Who makes the best bushcraft knife? Or better yet, what is the best bushcraft knife? These are the questions we ponder and discuss around the campfire amongst friends. There are nearly endless options in price, construction, and style of bushcraft knives, but most high-quality ones share a few specific characteristics.
It’s also worth noting that a bushcraft knife and survival knife aren’t exactly the same things. A bushcraft knife performs general camp duties, usually isn’t the only cutting tool available and is often called upon to do detailed work to create camp implements. Whereas a survival knife might be the only tool you have, it’s often paired with a compact kit that covers multiple aspects of survival, and it needs to be able to take the abuse that might be required in a real-life or death situation.
We’ve picked a few of our favorite bushcraft knives, and below we’ll break down why we chose them.
Large Pouter by LT Wright Knives
– Picked by Casey Deming –
Based around the traditional French Tradesman knife design, the Large Pouter from LT Wright Knives is a great light-weight option for a full size blade. This knife design comes from their Cookcraft Collection but in my opinion, this is much more than a culinary tool. I chose this knife because of the simple design and full flat grind blade. The overall length is of the sharpened edge is 5″ and thickness is 3/32″ which is perfect for most carving and cutting tasks. I wouldn’t say this would be my go-to blade for serious batoning but it will hold up well to most anything you throw at it. The steel is AEB-L which is a fantastic and affordable super-steel which helps retain a razor sharp edge for longer.
Mora Classic Series by Morakniv
– Picked by Rick Stowe –
The venerable Mora is likely the knife brand most synonymous with bushcraft. Morakniv has been making knives for over 400 years, and for the majority of that time, they’ve looked essentially the same. The Scandinavian grind, red birch handle, and streamlined sheath makes for a no-fuss functional blade for most bushcraft tasks. In recent years Mora has offered compound grinds, new handle materials, and multiple steel choices. Prices range from less than $10 to just over $100, so there’s a Mora for everyone. Regardless of which one you choose, the scandi-grind is great for woodworking, and the grip works with a variety of grip styles.
The Mora Classic Series are timeless. While some have glued tangs, Mora has recently brought back the full rat-tail tangs that are riveted at the pommel. While you probably shouldn’t baton seasoned oak with these, this construction method can handle just about any camp chores. For heavy-duty tasks, it’s best to pair the Mora with an ax or hatchet.
ESEE 3 by ESEE Knives
– Picked by Rick Stowe –
For a tough multi-use knife that’s paired with an unbeatable warranty, you’d be hard-pressed to find a better option than an ESEE 3. While they make plenty of larger blades, for bushcraft, the 3-inch blade is plenty for most carving and camp chores.
The 1095 steel takes a great edge, and it’s easy to maintain in the field. If your bushcraft outing unexpectedly becomes a survival experience, you can count on your ESEE to take a beating. If by chance you destroy it, ESEE’s lifetime repair and replacement warranty has you covered.
If the ESEE 3 isn’t your cup of tea, their Camp Lore line has more “bushcrafty” offerings, including the PR4, JG3, and RB3. These blades were designed by incredibly talented woodsmen who are also Randall’s Adventure Training instructors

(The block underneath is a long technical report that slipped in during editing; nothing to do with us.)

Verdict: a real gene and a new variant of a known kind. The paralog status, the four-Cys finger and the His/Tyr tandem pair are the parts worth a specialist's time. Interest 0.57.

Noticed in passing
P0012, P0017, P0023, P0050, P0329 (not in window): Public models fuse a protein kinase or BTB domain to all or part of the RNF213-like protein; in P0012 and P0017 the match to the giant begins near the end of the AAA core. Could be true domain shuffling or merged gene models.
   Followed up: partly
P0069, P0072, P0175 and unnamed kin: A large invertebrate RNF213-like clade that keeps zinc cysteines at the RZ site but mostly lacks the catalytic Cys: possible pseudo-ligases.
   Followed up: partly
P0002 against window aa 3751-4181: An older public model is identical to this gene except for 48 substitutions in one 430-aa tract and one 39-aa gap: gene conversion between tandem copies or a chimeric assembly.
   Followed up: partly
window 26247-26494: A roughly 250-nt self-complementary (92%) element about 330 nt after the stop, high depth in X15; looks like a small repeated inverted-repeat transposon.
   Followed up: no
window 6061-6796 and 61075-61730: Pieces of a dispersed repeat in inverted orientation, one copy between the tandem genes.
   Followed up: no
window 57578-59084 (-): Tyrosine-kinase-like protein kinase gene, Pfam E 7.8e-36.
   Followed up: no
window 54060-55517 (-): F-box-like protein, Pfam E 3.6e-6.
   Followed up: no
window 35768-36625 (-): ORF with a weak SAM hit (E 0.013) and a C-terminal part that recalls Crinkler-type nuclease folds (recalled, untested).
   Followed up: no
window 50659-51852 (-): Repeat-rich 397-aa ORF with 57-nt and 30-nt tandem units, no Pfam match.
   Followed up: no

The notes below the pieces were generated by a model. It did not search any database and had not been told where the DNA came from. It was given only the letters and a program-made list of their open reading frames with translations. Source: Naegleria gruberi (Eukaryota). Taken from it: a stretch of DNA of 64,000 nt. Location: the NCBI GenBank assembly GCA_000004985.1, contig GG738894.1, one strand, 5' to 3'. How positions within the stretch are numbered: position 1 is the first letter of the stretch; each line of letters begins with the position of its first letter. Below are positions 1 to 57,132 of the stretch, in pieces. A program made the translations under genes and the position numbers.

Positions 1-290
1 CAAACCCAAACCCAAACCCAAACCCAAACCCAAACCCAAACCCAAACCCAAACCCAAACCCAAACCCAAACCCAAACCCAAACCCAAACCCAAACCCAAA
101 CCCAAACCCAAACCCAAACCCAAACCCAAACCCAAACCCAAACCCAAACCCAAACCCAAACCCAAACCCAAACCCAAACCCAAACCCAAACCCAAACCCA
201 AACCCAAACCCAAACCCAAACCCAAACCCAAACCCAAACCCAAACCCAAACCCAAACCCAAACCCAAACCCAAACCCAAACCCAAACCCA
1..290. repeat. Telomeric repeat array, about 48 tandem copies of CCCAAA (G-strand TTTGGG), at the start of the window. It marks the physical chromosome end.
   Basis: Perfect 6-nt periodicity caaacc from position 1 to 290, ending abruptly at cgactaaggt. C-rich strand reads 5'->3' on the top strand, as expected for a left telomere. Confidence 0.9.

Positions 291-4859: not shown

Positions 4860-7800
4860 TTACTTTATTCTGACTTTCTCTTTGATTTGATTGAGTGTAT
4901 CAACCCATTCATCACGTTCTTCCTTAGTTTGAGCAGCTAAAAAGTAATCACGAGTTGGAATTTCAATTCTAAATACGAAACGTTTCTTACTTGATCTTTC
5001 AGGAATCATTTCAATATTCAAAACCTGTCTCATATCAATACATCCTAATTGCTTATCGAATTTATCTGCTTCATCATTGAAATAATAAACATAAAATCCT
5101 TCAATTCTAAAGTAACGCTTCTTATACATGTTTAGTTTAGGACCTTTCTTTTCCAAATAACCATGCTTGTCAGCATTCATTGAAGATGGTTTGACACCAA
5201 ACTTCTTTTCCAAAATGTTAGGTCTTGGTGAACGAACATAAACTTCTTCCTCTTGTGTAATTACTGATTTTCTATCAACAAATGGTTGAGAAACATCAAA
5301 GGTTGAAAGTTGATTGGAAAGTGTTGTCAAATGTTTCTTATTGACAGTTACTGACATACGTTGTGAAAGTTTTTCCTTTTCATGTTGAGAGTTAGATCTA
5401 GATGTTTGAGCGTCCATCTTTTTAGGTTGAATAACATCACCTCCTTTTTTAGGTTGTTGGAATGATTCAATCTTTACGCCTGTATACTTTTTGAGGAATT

The Big Heimo by H. Roselli
– Picked by Jack Rule –
This is a puuko style blade with an unusually large handle is made in Finland by H. Roselli. The blade is a 4” Scandinavian grind with an overall Length of 9.” This knife celebrated the 40th anniversary of H. Roselli hand crafted cutting tools. The ergonomics of the handle are second to none, and are only matched by the edge retention of the blade. H. Roselli is known for using very high carbon steel for his knives and this blade is no exception.
I was a bit hesitant at first about having a blade with such hardness due to having to use a diamond sharpener, but I have found that natural stones work amazingly well. I use a 1000/6000 grit water whetstone for my blade and it brings it to beyond shaving sharp with little effort. I maintain my edge in the field with the Viking whetstone from Wazoo. Puukos are renowned for their fine carving ability and are traditionally known in Scandinavia as a graduation style blade for wood working. Many accidents have happened with puukos due to poor grip control while carving. As a matter of course, these knives have thin handles that provide no protection for a hand slipping over the blade. Heimo designed his 40th anniversary knife unique compared to common puukos, having a handle that enables the user to perform heavy duty tasks safely. I consider this a true Bushcraft knife because of the combination of its blade strength, fine carving ability, and beefy handle that provides grip control even in the hands of the amateur Bushcrafter.
The Farmer Alox by Victorinox
– Picked by Casey Deming –
The Alox Farmer from Victorinox is technically a multitool and not specifically a Bushcraft knife BUT it is most likely the most handy blade I carry with me every time I go to the woods. The Farmer only weighs 3oz and is a whopping 3.7″ which makes it the smallest and lightest knife on our list.
Two of the most useful Bushcraft features on the Farmer would be the saw and awl. The saw is the perfect size for small tasks around camp like making camp hooks, trimming small tree limbs or processing tinder. The awl is the best tool to properly make holes through things like sticks for lashing, canvas tarps for lashing points or divots on a baring block.
Georgia Bushcraft Blog | 2022
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